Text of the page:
Monday, December 10, 2012

3 Things That Will Make You a Better Cyclist

So over the last 28 years of competitive riding and racing, I've done like a billion different types of workouts. They all have their place, and all work a specific component of your fitness.

But all those aside - there are some things I've stumbled on that have paid huge dividends given their simplicity. The following work, and work REALLY well to make you a better cyclist. Stronger, faster and more 'one with the bike' with regard to your bike handling. So here they are. If you're having trouble incorporating, or want some additional detail - just ask.

#1 - Commute (on the bike)
There is nothing like time on the bike. And commuting puts in time on the bike. Not to mention, you are getting in two rides a day, the latter when you absolutely DON'T generally feel energized to ride. But if you have no sag options, then you have no choice - unless you want to sleep at your office.

Riding twice per day (say 2-3x per week) will get your comfortable on your bike and smooth out your pedal stroke like nothing else. You will become one with the bike. And you get the added calorie burn benefit of the double workout.

Ok.. yeah.. not like that.
There is also the added benefit of getting 'free' riding time out of your schedule. It goes like this. Let's say it takes you 30 minutes to commute 12mi each way in traffic. Let's say all-in, it takes you 50 minutes to complete each leg. That means instead of spending 60 min / day in your car (wasted), you are spending 100 min/day on your bike to achieve the same thing. That's 100 minutes of riding that is only 'costing' 40 more minutes out of your schedule. That's the way I think of it anyway.

No shower where you work? Baby Wipes. You'd be surprised.

Getting sleepy by 2pm? It will pass. Coffee helps in the mean time.

Have to ride home in the dark? Lights are cheap these days.

Too early, cold, rainy? Sorry - can't help you there. Man up.

#2 - Ride a Mountain Bike
Mountain biking will improve your bike handling, climbing and sprinting. It's a power sport. For added benefit, ride over gnarly stuff ultra slow. Learn to track stand and bounce around on the bike like a pogo. Find a grassy field and practice riding / holding a wheelie (back and front). Practice your dismounts / mounts.  Ride in the snow. Ride on sand. Descend stairs. Descend longer flights of stairs.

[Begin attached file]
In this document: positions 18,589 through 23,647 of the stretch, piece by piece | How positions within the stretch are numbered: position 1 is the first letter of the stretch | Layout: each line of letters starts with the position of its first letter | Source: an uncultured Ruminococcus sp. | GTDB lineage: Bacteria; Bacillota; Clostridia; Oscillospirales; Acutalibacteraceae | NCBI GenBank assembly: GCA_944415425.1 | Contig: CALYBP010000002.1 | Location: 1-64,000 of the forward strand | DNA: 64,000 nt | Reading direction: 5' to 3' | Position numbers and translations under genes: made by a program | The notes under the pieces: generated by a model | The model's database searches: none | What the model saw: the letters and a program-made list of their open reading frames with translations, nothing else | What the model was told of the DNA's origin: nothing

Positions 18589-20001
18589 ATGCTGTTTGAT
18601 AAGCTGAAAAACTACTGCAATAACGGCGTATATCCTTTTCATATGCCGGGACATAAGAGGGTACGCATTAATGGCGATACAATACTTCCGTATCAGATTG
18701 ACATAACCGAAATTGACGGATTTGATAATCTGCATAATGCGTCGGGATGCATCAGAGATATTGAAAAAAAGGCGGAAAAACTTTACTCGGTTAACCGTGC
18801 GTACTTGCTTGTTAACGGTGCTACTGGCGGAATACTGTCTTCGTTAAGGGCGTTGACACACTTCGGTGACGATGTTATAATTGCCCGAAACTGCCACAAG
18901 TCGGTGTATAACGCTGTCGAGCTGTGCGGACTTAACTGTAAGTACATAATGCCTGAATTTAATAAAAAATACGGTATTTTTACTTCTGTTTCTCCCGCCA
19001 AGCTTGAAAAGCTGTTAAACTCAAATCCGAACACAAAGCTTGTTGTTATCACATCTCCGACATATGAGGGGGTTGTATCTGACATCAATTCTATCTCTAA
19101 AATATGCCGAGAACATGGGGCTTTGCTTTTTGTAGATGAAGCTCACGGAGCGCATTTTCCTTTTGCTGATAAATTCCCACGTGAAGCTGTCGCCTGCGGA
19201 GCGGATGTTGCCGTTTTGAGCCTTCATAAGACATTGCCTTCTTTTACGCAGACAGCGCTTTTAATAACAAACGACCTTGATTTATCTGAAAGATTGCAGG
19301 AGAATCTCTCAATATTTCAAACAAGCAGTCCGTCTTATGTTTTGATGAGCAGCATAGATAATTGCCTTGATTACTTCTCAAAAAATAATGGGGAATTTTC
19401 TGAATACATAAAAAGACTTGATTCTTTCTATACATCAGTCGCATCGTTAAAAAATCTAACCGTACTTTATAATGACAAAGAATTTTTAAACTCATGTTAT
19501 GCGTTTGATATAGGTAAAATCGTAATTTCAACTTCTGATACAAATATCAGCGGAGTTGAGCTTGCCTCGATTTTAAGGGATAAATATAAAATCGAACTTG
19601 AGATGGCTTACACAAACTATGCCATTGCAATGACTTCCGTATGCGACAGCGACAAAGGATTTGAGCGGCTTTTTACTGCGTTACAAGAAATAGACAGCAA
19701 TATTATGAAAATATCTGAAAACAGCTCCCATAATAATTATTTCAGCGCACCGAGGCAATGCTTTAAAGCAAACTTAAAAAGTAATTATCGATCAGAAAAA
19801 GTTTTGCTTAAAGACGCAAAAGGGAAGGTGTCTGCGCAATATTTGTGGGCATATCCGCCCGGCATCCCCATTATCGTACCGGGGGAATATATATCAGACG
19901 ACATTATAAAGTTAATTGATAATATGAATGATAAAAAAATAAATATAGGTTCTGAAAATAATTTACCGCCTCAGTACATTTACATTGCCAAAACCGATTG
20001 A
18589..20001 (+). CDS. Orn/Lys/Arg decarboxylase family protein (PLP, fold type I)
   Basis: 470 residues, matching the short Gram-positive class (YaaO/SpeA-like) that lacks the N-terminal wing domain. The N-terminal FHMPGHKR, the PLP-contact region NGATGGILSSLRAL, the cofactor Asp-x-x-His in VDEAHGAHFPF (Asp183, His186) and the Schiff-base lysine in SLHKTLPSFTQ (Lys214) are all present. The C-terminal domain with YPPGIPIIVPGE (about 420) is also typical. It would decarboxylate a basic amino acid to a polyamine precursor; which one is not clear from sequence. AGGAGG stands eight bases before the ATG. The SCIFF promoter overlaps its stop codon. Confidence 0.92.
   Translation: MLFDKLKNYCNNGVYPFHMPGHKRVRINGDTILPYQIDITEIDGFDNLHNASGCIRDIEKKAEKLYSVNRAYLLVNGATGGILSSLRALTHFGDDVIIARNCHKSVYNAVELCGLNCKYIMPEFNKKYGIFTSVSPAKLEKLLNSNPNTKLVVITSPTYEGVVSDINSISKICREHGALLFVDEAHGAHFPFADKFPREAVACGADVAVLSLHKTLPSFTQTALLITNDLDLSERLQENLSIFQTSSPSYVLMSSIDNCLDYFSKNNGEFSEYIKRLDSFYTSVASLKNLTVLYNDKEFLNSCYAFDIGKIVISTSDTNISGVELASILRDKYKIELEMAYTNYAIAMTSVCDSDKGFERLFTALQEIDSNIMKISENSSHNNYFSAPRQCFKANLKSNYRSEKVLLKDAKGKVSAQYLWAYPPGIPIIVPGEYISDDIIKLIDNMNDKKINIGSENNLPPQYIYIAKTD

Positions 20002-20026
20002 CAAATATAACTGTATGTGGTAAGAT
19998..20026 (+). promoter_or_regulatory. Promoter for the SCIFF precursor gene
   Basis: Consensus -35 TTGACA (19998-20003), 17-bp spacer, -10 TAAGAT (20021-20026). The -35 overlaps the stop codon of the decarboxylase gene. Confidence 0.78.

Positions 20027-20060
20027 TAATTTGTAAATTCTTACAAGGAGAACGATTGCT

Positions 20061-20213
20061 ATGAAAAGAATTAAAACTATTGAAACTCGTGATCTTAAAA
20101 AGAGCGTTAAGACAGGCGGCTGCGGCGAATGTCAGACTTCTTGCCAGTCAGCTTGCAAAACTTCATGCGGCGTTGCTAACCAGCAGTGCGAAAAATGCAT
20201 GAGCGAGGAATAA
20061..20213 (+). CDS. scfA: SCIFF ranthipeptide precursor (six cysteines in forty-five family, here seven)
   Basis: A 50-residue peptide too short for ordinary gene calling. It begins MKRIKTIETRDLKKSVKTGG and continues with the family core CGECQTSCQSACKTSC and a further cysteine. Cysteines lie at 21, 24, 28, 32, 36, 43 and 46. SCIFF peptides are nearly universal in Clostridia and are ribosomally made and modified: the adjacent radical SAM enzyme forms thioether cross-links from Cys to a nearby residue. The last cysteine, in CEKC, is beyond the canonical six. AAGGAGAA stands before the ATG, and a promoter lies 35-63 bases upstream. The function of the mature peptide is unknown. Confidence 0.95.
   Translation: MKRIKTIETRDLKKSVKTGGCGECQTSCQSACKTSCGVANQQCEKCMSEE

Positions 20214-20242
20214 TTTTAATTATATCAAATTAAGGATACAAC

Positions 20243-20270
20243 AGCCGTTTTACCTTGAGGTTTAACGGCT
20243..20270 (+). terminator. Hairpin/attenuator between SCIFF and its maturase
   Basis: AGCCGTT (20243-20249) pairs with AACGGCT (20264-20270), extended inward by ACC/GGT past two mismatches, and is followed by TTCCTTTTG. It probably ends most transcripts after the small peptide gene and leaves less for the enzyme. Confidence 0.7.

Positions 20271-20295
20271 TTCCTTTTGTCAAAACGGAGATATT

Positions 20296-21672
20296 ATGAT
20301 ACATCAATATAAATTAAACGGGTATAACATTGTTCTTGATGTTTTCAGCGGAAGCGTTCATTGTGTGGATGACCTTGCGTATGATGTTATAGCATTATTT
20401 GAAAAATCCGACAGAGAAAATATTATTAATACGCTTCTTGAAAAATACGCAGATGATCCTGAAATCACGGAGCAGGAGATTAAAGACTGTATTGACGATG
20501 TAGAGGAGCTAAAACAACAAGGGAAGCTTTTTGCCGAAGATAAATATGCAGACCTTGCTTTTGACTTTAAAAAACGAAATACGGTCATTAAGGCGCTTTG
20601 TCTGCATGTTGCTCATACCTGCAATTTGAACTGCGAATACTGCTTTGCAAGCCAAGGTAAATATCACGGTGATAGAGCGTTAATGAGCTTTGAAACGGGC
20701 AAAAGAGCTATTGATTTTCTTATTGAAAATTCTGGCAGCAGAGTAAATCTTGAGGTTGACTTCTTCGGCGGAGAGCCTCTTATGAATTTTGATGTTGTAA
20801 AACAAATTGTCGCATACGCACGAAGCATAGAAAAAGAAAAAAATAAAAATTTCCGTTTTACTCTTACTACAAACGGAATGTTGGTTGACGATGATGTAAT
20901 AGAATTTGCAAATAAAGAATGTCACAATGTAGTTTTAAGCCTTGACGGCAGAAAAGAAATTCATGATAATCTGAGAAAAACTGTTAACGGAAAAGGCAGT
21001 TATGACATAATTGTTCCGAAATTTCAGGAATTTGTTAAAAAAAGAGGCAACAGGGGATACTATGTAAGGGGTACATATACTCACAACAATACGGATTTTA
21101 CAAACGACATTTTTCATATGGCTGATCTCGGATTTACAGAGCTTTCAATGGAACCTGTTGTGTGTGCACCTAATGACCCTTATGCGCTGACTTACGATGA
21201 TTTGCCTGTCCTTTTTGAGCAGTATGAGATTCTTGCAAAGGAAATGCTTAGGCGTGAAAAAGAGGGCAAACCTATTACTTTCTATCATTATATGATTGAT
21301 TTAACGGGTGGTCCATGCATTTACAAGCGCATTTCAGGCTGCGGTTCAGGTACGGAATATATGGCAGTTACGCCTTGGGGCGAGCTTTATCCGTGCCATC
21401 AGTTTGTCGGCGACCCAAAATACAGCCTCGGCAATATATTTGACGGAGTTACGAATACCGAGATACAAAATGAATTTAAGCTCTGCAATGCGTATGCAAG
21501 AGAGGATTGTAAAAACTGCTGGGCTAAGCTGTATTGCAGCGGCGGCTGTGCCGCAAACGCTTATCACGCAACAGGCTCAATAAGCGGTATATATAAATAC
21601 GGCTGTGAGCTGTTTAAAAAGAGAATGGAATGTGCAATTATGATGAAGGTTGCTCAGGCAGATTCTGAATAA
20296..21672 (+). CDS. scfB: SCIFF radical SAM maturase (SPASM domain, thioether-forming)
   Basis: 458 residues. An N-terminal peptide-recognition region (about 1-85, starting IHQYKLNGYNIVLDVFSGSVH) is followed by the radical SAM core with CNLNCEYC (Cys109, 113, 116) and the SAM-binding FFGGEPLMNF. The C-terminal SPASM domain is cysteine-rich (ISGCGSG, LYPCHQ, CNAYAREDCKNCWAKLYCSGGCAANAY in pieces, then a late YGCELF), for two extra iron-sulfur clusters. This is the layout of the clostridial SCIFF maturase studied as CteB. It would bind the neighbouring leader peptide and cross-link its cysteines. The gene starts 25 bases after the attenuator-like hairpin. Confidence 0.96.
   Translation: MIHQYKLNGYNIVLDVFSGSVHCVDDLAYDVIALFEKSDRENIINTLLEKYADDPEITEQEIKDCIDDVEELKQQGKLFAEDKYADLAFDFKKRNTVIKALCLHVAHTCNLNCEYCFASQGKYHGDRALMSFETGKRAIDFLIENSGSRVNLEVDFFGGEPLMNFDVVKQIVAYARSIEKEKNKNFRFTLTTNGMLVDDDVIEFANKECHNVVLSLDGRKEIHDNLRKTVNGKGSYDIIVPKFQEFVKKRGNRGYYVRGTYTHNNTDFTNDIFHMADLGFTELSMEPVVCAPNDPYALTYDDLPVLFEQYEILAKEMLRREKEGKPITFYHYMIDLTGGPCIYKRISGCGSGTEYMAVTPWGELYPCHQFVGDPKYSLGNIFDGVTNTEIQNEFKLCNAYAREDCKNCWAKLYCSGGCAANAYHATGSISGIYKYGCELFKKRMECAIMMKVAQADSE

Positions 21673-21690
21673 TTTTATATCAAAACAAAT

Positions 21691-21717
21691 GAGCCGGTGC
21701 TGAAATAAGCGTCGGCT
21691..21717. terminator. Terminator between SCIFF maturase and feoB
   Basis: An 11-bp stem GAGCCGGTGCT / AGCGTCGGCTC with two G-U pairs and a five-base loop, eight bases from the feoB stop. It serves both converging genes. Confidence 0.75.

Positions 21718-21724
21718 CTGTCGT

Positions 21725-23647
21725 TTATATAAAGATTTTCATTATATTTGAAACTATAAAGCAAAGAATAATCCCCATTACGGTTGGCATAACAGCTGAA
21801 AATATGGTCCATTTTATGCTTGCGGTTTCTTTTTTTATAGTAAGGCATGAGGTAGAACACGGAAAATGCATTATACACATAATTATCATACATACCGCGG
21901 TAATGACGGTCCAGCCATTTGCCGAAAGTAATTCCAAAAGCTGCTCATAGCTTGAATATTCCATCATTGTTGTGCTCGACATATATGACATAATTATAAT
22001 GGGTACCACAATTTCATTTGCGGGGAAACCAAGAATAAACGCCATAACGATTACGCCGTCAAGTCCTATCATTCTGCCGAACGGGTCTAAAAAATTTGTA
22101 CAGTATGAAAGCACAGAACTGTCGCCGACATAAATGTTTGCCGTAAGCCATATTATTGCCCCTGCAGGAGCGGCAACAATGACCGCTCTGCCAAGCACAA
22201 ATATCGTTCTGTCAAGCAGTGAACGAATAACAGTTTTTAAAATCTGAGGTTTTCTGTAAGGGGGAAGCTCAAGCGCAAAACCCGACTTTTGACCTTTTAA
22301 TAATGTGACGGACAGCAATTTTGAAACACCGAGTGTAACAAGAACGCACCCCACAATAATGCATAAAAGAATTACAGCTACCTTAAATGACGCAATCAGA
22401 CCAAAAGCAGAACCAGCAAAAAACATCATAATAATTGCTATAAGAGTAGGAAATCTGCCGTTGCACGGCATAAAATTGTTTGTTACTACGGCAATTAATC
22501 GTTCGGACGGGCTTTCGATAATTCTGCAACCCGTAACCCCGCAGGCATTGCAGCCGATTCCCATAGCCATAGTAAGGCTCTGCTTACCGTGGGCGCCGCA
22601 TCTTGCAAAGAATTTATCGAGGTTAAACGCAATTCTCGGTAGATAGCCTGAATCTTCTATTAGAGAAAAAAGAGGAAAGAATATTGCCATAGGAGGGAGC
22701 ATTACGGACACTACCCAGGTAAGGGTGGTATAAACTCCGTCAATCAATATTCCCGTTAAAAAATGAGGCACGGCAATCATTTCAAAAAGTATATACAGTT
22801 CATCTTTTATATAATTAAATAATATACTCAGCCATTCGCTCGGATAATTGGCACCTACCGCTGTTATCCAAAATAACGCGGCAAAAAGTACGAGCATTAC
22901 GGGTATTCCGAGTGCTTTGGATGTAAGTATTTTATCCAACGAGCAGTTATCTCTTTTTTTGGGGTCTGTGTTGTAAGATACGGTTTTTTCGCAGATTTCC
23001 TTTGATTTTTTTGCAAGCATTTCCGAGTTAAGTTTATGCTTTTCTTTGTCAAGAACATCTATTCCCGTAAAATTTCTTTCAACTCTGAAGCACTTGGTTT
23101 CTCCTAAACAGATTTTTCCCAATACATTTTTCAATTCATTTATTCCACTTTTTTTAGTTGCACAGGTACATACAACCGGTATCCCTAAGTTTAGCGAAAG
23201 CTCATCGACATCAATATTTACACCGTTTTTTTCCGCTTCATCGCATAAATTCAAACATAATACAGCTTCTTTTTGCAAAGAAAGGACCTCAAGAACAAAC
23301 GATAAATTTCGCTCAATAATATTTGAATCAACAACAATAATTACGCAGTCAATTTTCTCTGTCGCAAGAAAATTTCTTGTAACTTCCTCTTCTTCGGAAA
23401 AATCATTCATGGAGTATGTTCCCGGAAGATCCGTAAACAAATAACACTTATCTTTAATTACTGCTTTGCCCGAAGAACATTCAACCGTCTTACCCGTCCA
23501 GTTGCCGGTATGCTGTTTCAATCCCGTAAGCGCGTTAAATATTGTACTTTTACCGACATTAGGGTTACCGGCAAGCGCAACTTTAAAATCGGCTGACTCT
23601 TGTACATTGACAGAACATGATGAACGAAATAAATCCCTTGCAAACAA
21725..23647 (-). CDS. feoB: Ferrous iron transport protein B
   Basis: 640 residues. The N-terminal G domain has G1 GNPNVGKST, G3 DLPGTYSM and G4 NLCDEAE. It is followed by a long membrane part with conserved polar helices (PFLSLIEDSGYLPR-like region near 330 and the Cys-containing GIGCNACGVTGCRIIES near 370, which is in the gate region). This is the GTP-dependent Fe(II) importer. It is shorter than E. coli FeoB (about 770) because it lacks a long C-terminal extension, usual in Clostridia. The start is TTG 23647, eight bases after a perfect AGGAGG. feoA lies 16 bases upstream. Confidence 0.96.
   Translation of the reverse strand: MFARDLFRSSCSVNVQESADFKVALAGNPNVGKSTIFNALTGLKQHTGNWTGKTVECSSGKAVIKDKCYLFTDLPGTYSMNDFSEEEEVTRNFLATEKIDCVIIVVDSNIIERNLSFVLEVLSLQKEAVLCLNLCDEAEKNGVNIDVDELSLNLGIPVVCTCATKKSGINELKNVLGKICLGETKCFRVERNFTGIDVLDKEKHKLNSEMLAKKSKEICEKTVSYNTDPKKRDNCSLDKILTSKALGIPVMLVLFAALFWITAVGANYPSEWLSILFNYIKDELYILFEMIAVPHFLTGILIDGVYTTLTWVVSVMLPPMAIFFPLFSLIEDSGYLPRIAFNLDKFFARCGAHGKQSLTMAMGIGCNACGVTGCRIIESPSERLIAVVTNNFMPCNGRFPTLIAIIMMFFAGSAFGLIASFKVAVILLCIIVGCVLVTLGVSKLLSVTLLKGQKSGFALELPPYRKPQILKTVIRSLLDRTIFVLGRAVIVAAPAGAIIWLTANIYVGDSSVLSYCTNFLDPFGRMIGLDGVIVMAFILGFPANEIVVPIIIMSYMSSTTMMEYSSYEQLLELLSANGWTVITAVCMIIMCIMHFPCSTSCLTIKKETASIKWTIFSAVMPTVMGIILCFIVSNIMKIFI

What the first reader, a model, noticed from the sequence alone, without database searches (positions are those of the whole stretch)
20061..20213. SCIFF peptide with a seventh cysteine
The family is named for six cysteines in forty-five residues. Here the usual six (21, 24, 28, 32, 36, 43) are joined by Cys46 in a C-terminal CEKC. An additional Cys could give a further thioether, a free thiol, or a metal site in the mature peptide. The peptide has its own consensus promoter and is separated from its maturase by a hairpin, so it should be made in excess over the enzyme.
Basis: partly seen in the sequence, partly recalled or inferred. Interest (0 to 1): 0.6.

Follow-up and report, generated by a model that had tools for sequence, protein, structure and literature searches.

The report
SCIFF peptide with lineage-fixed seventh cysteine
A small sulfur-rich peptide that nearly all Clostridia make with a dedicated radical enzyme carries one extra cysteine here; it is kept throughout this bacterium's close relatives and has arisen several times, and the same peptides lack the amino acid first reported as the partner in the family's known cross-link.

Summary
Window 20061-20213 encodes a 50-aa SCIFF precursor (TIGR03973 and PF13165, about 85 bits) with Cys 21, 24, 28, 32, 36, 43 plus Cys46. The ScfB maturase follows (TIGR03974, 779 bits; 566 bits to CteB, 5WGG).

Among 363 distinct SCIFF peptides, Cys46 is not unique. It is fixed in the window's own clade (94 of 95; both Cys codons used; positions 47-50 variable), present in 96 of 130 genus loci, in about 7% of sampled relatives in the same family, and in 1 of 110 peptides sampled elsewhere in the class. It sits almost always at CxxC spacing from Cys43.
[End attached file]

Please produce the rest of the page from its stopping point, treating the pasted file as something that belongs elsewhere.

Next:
I guarantee when you re-mount the road bike it will feel like you're locked on a rail. Dead solid. Just don't drop a 6" curb on those new fancy Zipp carbon clinchers by mistake!

Betchya next time you'll be able to 'hold your line' in the Sunday group road ride

#3 - Ride Hills... Lots of Hills
18 years ago, a good friend of mine once told me when I was whining about a particularly nasty climb, "Dude. Hills are going to hurt. It's a question of whether you want to be hurt, or be in control of the hurt".
Y'know - there is a lot of advice to be shared about hills, but Solid Gold that advice is.

Loving hills is all in the head. The hills is just a terrain change. It doesn't care or think about you. It can't change it's topography. It's stuck. You just need to start thinking about an approaching hill differently. If you realize how much they do for your riding, you will start to love them. You'll get a smile on your face as one approaches. Don't go to your happy place to avoid feeling the pain. Rather, make the hill your happy place. It's sick and wrong - but if you get your attitude right, you will crush hills my friend.

Ride hills until you can laugh at signs like this.
Grind up in a big gear. Sit and spin up them. Attack at the bottom. Attack on the upper 1/3. Attack in the middle - heck, attack when you feel like you can't attack. And ALWAYS get out of the saddle and sprint over the top and down the backside before dropping into aero for the ride down.

Seek hills out, and next season you'll be formidable. You'll stay big chain ring / out of the saddle on anything less than 1/2 mile. 

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